So apologies for the lack of posting last week, other than the brief message – all got a bit too much, as things are wont to do at times. Of course it didn’t help that my boss took three days off in what is arguably the busiest week of the year as it is the end of the academic year, new teachers arriving (the biggest intake of the year), spring schools before the regular teaching day begins and, though not his fault, the owner of the company still fecking about with 2006 budgets even though we are well and truly into the year. Enter stage right muggings here to try to keep all the plates spinning at the same time, whilst worrying about his son’s and wife’s health and getting a little bit antsy over dissertations.
But now it’s all over. Well, apart from the dissertation, which resolutely won’t go away until I have actually written the bloody thing, but at least I have 1800 words (of mostly, if total, crap) down which is, as is oft said, a start. [Not really sure why I used the word ‘oft’ there instead of a more sensible one...perhaps am developing a poetic steak (which would be odd as I have a very strong, profound but personal belief that poetry is, essentially, all shite)]. But no, the little ‘un and the Guru are now in much finer fettle than they were a week or so ago. Work has quietened down a little and the boss is back, so I don’t have to worry about stuff that he has to deal with. Unfortunately the owner of the company still owns the company and is an imbecile, oh well.
Hiding behind words
Anyway, this week I want to write about words in their spoken form. Actually that’s not strictly true, as I don’t believe that ‘words’ could really describe the noises that Marcus makes, though there may be one or two coming through. But here’s the point – how are you meant to know?
Now the little ‘un is quite the verbose type, apparently. Whilst at the community centre with he Guru he crawls around, plays with toys and generally enjoys himself, all the accompaniment of his own voice – something that the other kids there, especially the same age kids from the Guru’s pregnant pals group (not, of course, that they are pregnant anymore, but it sounds a lot better than her birthing buddies or mumma mates). All the other kids kind of get on with things without making too much noise, whilst Marcus keeps up a running commentary, just in case anyone is recording it for posterity. Kinki over at 35degrees recently wrote about the various noises her daughter makes, and there are similarities, though Marcus is now very much into compound noises such as “bababababaaaa” and ‘jyarjyarjyarjyar” and “shashashasha”. As you can see the whole consonant-vowel thing is very well developed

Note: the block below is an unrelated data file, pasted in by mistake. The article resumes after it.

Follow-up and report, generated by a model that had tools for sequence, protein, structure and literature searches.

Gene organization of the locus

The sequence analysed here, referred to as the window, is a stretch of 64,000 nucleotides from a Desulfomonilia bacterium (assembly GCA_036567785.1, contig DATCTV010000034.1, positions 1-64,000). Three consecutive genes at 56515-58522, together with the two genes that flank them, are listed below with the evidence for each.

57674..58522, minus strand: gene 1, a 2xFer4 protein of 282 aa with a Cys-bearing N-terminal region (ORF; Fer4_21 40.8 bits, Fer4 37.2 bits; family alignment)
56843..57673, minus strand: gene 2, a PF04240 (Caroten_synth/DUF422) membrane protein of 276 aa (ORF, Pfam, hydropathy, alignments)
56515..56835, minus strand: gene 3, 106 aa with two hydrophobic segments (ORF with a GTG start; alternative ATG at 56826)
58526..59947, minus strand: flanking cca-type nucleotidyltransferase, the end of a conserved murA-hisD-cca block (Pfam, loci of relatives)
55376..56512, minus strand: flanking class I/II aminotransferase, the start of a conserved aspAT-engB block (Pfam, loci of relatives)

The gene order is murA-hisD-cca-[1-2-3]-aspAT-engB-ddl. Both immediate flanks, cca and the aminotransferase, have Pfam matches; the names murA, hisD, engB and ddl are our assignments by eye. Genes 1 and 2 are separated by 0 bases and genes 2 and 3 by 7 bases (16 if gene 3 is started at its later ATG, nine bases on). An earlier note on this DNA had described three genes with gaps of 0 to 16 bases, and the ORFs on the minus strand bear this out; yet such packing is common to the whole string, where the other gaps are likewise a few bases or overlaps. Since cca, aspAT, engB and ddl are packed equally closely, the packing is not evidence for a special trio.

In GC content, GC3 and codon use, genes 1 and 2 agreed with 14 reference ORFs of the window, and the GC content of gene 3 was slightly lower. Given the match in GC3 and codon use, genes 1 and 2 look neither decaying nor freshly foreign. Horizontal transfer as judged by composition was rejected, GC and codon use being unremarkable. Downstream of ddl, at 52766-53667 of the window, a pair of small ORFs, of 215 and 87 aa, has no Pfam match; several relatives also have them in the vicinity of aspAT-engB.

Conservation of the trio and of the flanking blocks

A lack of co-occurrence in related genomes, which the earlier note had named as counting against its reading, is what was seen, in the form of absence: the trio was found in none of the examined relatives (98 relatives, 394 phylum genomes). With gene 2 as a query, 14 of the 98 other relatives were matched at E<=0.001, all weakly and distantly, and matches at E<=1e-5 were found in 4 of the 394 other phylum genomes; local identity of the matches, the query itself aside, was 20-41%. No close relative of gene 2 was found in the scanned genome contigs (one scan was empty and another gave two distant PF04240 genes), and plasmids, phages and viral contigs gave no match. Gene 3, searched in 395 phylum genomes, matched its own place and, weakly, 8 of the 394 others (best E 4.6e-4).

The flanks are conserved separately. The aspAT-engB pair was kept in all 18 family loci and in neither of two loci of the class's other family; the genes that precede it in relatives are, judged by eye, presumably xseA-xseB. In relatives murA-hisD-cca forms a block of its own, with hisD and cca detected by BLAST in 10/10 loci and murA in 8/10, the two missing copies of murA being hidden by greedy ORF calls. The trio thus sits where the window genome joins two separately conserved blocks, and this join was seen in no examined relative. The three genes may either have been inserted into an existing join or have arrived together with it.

But what got me thinking was this. The other night he woke up about 3am, as he often does these days, for no good reason, it seems, other than let the world know. Except that he doesn’t really wake up, rather he stays in a pretty deep doze but manages to engage the bit of his brain that connects the stomach to the voice box and, sensing he could do with some milk, lets anyone close by know about it. So the Guru will wake up (as will I, I hasten to add), change his nappy and then give him some milk. But the other night, in between changing his nappy and giving him some milk she went to the toilet, so Marcus sat there and wailed and what came out could have been “mamamamamamaaaa” or it could have been “mama, mama, mama” as there did seem to be added stress on each odd syllable i.e. “Mama, Mama” etc
Of course he denies it completely and, when properly awake later would say only “bababababaaa”. Will keep you posted on this one, though I think “...and a pint for my dad” is a way off yet.
Japan is known as exam hell for some very good reasons, such as, there are too many, they are too hard, school doesn’t actually teach you anything useful in terms of knowledge to pass them and there are too many. But now there is another reason – very dodgy invigilators.
Two stories came up in recent weeks that made sitting an exam even worse than normal. One was in an exam at Tohoku university where a professor was invigilating – now I have never invigilated a proper, 2 or 3 hour exam but I reckon it must be pretty dull. This professor thought so he sat down and slowly nodded off. This wouldn’t have been too bad except that his snoring was such that he was asked to leave the hall as he was putting off the examinees. Nice work.
More recently, during the World Baseball Classis as described in an earlier post, a teacher at an elementary school got so wrapped up in the game during the lunch hour that when lesson started again in the afternoon he switched on the TV in his classroom so he could follow the action. The fact that he had set his students a test and they couldn’t concentrate obviously slipped his mind. Again what a plonker, but worse still in this case is the fact that the kids complained about not being able to do their exam, rather than sit and watch the game with the teacher. All going to grow up to be accountants, that lot, and serves them right too.
Last but not least, Saturday last was gloriously sunny and the peak of hanami, or cherry blossom viewing, so we, and the rest of Kawaguchi, went to the nishikoen (or east park) to drink some beer, eat something unhealthy and look at the onset of spring. Here are some snaps, there are a few more over at flikr.
Hanami at night
People and trees
This is what the fuss is all about